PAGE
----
7. Some "guide signs" are actually special warning or regulatory signs.  These are special signs with similar design characteristics such as roadway prohibitions (e.g. "Notice: Candler Mountain Road Closed in Winter", "Trucks Prohibited on Maple St"), or W16-8a signs (longer street names can make these signs very large).
    • Local agencies often produce these signs too small to avoid the difficulties of producing and installing a larger, more legible sign

Guide signs are expensive and have more complicated planning than other signs.  This is the result of what happens when standards are not adequate.  In this instance, one sign for the state park would have sufficed, and the design of the green sign is sloppy and non-standard.  While this has most likely been removed, it demonstrates the need for a heavily centralized, specialized, and engineer-driven approach.

In this instance in Hughson, CA on CR J7, you see how wrong a guide sign can go even when one is properly planned but designed improperly.  This sign does not meet either MUTCD or CalTrans specifications for design even though the basic information is presented correctly.

In other words, blindly relying on the state alone more often than not means little to nothing is ever done.  A federal infusion is needed to highlight the problems and demonstrate the importance of this issue.  States DOT's should also make this a specific program to local governments usually with a PTOE hired to specifically manage the program and a process established to do so.  A local guide sign program should be coupled with state-owned guide signs so that the entire guide sign program is managed consistently on both levels of roads and projects should be grouped on both state and local roads to better manage material costs and coordinate signage.  Local agencies often do not recognize the problem, and state governments are not always structured in a way to mediate the problem.  Even when funding levels are adequate, it does not mean that either the state or local government has ever seriously considered the issue.  


Across the country, only about 1/5 of the states have a road system that is centralized enough to adequately manage guide signs.  West Virginia, Iowa, Wisconsin, and Delaware appear to have the best program with high standards, frequent maintenance and consistent application both on highways and local roads.  The problem in West Virginia and Delaware is that both have the vast majority of their roads under state control: not typical in most of the country.  Iowa and Wisconsin are the notable exceptions, and it is related to a strong culture of local traffic engineering standards lacking in other states, but it is out of the ordinary.  Wisconsin also has an overlaying road system where the counties are contracted to maintain state routes resulting in greater state oversight of county activities.  Obviously centralization has a major advantage in regards of planning and maintenance of guide signs compared to states who do not.  States that transfer roads to the local government, on the other hand, have difficulty managing guide signs, especially when route signs change in a way that destinations become invalid over long distances.  When information is not reviewed and updated when routes change, the public learns that they cannot trust these signs to provide useful information.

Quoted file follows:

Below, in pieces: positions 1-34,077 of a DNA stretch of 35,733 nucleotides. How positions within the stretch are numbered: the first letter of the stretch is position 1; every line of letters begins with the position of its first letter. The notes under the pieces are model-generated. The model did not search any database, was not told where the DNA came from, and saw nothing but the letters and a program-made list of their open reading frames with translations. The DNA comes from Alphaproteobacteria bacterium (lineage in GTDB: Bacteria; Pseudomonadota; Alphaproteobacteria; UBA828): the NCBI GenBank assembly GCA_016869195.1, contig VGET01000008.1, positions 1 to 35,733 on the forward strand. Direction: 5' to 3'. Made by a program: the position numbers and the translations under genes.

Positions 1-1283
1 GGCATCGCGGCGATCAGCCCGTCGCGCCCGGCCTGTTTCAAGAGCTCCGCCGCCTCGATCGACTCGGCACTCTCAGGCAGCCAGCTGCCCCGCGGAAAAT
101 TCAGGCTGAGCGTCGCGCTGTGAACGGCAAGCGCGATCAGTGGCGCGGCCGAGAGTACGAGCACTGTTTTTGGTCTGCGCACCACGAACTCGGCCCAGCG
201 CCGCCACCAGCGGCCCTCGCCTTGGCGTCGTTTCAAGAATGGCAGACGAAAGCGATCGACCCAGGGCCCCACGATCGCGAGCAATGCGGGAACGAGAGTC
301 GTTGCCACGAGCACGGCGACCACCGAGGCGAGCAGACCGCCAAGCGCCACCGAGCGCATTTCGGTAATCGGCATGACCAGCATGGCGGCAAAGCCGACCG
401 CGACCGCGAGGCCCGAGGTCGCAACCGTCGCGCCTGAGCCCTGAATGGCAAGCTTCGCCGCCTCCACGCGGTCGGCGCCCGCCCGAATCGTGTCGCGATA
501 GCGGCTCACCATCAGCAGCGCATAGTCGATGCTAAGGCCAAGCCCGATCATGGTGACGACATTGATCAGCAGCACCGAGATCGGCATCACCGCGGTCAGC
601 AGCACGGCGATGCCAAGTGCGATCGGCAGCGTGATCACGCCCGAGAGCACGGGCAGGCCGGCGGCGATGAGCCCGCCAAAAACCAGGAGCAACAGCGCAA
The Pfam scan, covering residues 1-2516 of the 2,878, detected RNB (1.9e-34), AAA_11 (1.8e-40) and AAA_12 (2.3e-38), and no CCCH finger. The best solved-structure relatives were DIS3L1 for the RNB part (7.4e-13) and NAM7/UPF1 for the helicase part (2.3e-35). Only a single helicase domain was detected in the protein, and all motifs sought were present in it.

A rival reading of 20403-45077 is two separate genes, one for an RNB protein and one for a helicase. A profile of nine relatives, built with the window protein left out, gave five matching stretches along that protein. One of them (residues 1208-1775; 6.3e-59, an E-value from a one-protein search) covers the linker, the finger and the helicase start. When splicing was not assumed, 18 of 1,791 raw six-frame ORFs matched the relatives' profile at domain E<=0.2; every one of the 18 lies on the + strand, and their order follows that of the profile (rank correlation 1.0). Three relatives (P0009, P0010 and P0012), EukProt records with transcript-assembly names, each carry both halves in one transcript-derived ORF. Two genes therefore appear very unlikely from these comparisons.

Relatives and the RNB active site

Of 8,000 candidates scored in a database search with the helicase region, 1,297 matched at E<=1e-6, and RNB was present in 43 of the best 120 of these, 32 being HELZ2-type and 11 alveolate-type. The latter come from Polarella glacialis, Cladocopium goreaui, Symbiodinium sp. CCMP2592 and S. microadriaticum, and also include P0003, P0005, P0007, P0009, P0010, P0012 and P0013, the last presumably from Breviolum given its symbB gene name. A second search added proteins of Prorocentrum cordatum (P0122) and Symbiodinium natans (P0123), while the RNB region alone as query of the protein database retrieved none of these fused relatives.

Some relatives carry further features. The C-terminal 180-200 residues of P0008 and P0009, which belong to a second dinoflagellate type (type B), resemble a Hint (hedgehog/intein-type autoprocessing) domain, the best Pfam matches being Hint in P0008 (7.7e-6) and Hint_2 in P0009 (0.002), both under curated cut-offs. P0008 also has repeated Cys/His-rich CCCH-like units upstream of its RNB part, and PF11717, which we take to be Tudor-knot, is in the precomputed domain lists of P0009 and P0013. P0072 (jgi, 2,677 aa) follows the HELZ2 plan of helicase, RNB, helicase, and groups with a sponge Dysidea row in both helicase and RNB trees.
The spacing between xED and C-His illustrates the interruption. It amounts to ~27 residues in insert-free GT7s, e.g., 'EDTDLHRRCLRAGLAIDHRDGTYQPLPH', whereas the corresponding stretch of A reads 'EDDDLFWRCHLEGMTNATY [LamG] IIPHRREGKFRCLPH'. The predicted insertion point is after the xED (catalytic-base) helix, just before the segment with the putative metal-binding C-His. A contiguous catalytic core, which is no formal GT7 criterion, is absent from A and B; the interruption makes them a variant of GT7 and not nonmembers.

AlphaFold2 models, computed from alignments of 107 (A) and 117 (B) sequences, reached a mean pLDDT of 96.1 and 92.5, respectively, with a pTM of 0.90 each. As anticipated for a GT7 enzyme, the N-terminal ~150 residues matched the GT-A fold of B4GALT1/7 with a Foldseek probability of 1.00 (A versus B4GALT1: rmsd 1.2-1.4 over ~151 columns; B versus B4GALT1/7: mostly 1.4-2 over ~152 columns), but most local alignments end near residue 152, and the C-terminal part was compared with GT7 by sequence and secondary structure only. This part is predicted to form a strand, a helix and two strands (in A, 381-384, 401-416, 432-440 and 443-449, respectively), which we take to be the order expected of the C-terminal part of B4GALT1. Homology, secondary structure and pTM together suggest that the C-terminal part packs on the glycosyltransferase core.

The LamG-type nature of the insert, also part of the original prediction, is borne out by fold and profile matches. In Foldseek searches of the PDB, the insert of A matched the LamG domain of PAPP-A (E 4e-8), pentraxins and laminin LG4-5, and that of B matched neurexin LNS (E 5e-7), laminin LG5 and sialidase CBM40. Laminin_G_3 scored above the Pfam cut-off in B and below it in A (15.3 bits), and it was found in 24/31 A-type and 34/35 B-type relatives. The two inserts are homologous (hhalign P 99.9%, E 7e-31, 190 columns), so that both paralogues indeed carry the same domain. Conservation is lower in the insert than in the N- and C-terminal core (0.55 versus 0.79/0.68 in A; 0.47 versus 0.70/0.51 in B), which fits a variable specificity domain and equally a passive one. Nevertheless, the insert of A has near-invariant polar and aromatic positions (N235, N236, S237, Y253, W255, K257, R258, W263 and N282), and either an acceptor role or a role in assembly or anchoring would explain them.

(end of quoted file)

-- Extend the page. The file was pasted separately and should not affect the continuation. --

The three strategies needed to fix this are:
  1. The creation of a federal guide sign program
  2. Specialization (including specific state programs)
  3. Privatization
The Federal Guide Sign Program (GuideWays)

First, it should be considered that few things have helped local governments more than the state application of the High Risk Rural Roads Program on a local level.  For decades, the concept of a traffic study or installation of safety improvements by anything but the local government on local roads was unheard of.  If the county or municipality could not afford to do it on their own, it just was not done.  More often than not, local priorities went to constructing new roads, replacing bridges and repaving roads leaving next to nothing for traffic control.  Once the stop signs were installed, speed limit signs put in place and street name signs put in there was nothing else left over.  Certainly that did not include money for traffic studies or replacing the faded out traffic striping.  While these conditions still exist, they are less frequent than they once were.

What is vs. what should be.  The actual image from Google Maps above shows a tornado-damaged guide sign that was already decades old not being maintained a the junction of US 278 and CR 19, a major county route connecting Centre and Jacksonville, AL.  Jacksonville isn't even mentioned on that sign, and most likely the guide sign dates to the 1970's as a means that the state used to provide additional guidance across county lines from where they actually maintained the road.  If properly planned today, this is what you would see at this intersection.  With no program or funding in place, fixes like this just do not happen anymore.